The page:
# Solved What's wrong with my Chance Math?

Discussion in 'Spigot Plugin Development' started by NocturnalDev, Feb 3, 2020.

1. ### NocturnalDev

Hello,

I am currently using a chance system to calculate items.

LootData is a type of object that stores the item and chance of the item.

What's wrong with this math?

Code (Text):
// Calculate total chance
double totalChance = 0;
for (LootData item : items) totalChance += item.getChance();

for (int i = 0; i < numberOfItems; i++) {
// Select a 'random chance' from 0 to total chance
double randomChance = Math.random() * totalChance;

// Check which item the 'random chance' landed on
for (LootData item : items) {
randomChance -= item.getChance();

if (randomChance < 0) {

ItemStack stack = item.getItem().clone();
stack.setAmount((int)(Math.random() * stack.getAmount() + 1));
break;
}
}
}
Since some of the items with a low % of 0.5 are getting thrown pretty frequently.

2. ### Schottky

Is LootData sorted?

3. ### NocturnalDev

It's not sorted, but it's selecting a random item from the index and then taking the weight of the item from the list.

4. ### Schottky

Wait do you mean 5% or 0.5 with a low chance?
0.5 would be 50%, which is pretty big. What is your value for totalChance?

5. ### MightyOne

Can you show how you create your collection “items”?

6. ### NocturnalDev

> [17:21:27] [Server thread/INFO]: total chance 100.0 random chance 76.624444208109
> [17:21:27] [Server thread/INFO]: total chance 100.0 random chance 40.99656573063585
> [17:21:27] [Server thread/INFO]: total chance 100.0 random chance 35.33050808519198
> [17:21:27] [Server thread/INFO]: total chance 100.0 random chance 6.653425652325129
> [17:21:27] [Server thread/INFO]: total chance 100.0 random chance 20.435143770223252
> [17:21:27] [Server thread/INFO]: total chance 100.0 random chance 15.021589891489029
> [17:21:27] [Server thread/INFO]: total chance 100.0 random chance 62.16668566789282
> [17:21:27] [Server thread/INFO]: total chance 100.0 random chance 46.15101888815097
Code (Text):
for (int i = 0; i < numberOfItems; i++) {
// Select a 'random chance' from 0 to total chance
double randomChance = Math.random() * totalChance;

Console.log(" total chance " + totalChance + " random chance " + randomChance);

// Check which item the 'random chance' landed on
for (LootData item : items) {
> [17:21:27] [Server thread/INFO]: total chance 100.0 random chance 10.1608224744815

Some debug messages I threw here:

7. ### NocturnalDev

Yeah, for example:

ItemStack legs = new ItemStack(Material.LEATHER_LEGGINGS);
ItemMeta legMeta = legs.getItemMeta();
LeatherArmorMeta lLegMega = (LeatherArmorMeta) legMeta;
lLegMega.setColor(Color.BROWN);
lLegMega.setDisplayName("§aBrown Legs");
lLegMega.setLore(Lang.getJumpSuitLeggings());
legs.setItemMeta(lLegMega);

8. ### Schottky

I don‘t know if that is the issue, but once you scale a double, the probabilities are no longer equally distributed (due to the implementation of double)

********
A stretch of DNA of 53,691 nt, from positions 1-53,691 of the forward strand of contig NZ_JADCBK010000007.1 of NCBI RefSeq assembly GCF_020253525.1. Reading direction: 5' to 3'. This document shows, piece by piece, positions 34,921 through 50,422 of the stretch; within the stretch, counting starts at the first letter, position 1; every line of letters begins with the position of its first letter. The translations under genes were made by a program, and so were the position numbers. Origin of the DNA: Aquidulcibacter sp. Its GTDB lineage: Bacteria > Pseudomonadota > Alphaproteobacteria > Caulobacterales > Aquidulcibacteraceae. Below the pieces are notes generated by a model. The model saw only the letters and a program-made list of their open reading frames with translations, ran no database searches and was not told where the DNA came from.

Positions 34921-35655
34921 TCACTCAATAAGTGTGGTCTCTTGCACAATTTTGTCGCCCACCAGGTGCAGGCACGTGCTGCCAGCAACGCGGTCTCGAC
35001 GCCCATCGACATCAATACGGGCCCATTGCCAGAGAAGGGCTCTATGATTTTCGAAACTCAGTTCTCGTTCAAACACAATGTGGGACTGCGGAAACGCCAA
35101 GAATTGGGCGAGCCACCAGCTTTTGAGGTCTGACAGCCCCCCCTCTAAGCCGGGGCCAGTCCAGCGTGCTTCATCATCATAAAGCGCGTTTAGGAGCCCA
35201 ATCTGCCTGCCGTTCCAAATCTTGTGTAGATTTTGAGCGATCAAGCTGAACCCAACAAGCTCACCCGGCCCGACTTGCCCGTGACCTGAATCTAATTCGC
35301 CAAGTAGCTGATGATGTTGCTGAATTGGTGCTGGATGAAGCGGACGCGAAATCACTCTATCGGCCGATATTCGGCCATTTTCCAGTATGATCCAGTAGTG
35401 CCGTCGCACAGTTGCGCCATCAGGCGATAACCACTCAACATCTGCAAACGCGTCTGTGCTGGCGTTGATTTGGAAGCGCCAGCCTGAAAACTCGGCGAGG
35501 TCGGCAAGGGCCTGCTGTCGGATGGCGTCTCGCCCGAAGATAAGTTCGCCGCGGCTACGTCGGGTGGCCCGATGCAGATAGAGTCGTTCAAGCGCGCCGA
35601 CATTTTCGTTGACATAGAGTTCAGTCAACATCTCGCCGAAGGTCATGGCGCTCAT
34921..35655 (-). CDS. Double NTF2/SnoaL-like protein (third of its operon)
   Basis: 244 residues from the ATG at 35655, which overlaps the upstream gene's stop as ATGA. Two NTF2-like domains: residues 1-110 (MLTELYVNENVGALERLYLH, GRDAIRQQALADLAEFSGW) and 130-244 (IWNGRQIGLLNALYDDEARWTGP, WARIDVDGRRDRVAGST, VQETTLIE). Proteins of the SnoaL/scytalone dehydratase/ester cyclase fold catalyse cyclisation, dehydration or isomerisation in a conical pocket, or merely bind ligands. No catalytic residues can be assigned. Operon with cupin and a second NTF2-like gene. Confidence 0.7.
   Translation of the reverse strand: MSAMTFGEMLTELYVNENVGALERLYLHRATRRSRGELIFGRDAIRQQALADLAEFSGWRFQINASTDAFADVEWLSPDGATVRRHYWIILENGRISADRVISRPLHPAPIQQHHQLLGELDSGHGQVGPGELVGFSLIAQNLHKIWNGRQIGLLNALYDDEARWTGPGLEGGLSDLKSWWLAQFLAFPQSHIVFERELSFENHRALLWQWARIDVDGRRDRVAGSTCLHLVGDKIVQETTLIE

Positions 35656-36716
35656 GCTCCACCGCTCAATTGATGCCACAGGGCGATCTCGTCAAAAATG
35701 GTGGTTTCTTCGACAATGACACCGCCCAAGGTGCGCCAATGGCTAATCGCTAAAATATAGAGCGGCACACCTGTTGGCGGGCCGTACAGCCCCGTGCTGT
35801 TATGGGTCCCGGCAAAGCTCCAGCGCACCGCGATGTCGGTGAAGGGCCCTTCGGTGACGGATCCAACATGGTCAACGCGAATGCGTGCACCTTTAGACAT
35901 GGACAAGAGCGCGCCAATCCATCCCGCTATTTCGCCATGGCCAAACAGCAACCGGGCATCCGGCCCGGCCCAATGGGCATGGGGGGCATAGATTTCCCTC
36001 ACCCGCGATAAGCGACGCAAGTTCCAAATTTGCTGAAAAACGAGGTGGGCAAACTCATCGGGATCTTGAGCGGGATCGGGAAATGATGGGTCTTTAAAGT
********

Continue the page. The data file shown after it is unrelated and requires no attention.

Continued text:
Again, I don‘t know if that matters for small numbers that you have, but you might just try normalizing your chance-system to one...

9. ### NocturnalDev

What do you mean scale double?

10. ### 7smile7

I've wrote a neat little class for this purpose a while ago.
It maps values with a weight as key and selects a random element respecting its weight.

Code (Java):
public class RandomWeightCollection<E> {

private final NavigableMap<Double, E> map = new TreeMap<Double, E>();
private final Random random;
private double total = 0;

public RandomWeightCollection(Random random) {
this.random = random;
}

public RandomWeightCollection() {
}

public Collection<E> values() {
return this.map.values();
}

public void remove(E object) {
for (Entry<Double, E> entry : this.map.entrySet()) {
if (entry.getValue().equals(object)) {
this.map.remove(entry.getKey(), entry.getValue());
}
}
}

public RandomWeightCollection<E> add(double weight, E result) {
if (weight <= 0) {
return this;
}
total += weight;
map.put(total, result);
return this;
}

public E next() {
double value = random.nextDouble() * total;
Entry<Double, E> entry = map.higherEntry(value);
return entry == null ? null : entry.getValue();
}

}
then simply call next() to select the next weighted random element from the collection.

• Like x 1
11. ### MightyOne

You should post your full code with the part where you fill your “items” collection and everything. That way we can look what actually could’ve went wrong instead of guessing about what it might be.

12. ### Schottky

If you get a random double, it returns a double between 0 and 1. The problem with doubles is that they contain as many numbers between 0 and 1 as they contain between (I just made this up, but it's somewhat in the direction of that) 1 and 50. Again, a magic number, probably not exact. Thus, if you scale a value, values smaller than one are more likely to appear.
But then again, this is an effect, that I do not believe is applicable for you. But you might as well try it out.

13. ### NocturnalDev

This is resolved, put it through Excel and calculated out all the %s to notice that cumulatively the rare items equaled 30%.

14. ### Maxx_Qc

Any link to that class? Mucho love

15. ### Schottky

It‘s below that post

16. ### Maxx_Qc

It is not..???

17. ### Schottky

Do you not see that code-piece
Code (Java):
public class RandomWeightCollection<E> {
//....
}
?

• Agree x 1
18. ### Maxx_Qc

I wanted a link... not the code. I can't save code as favorite in my browser
Whatever I'll save this post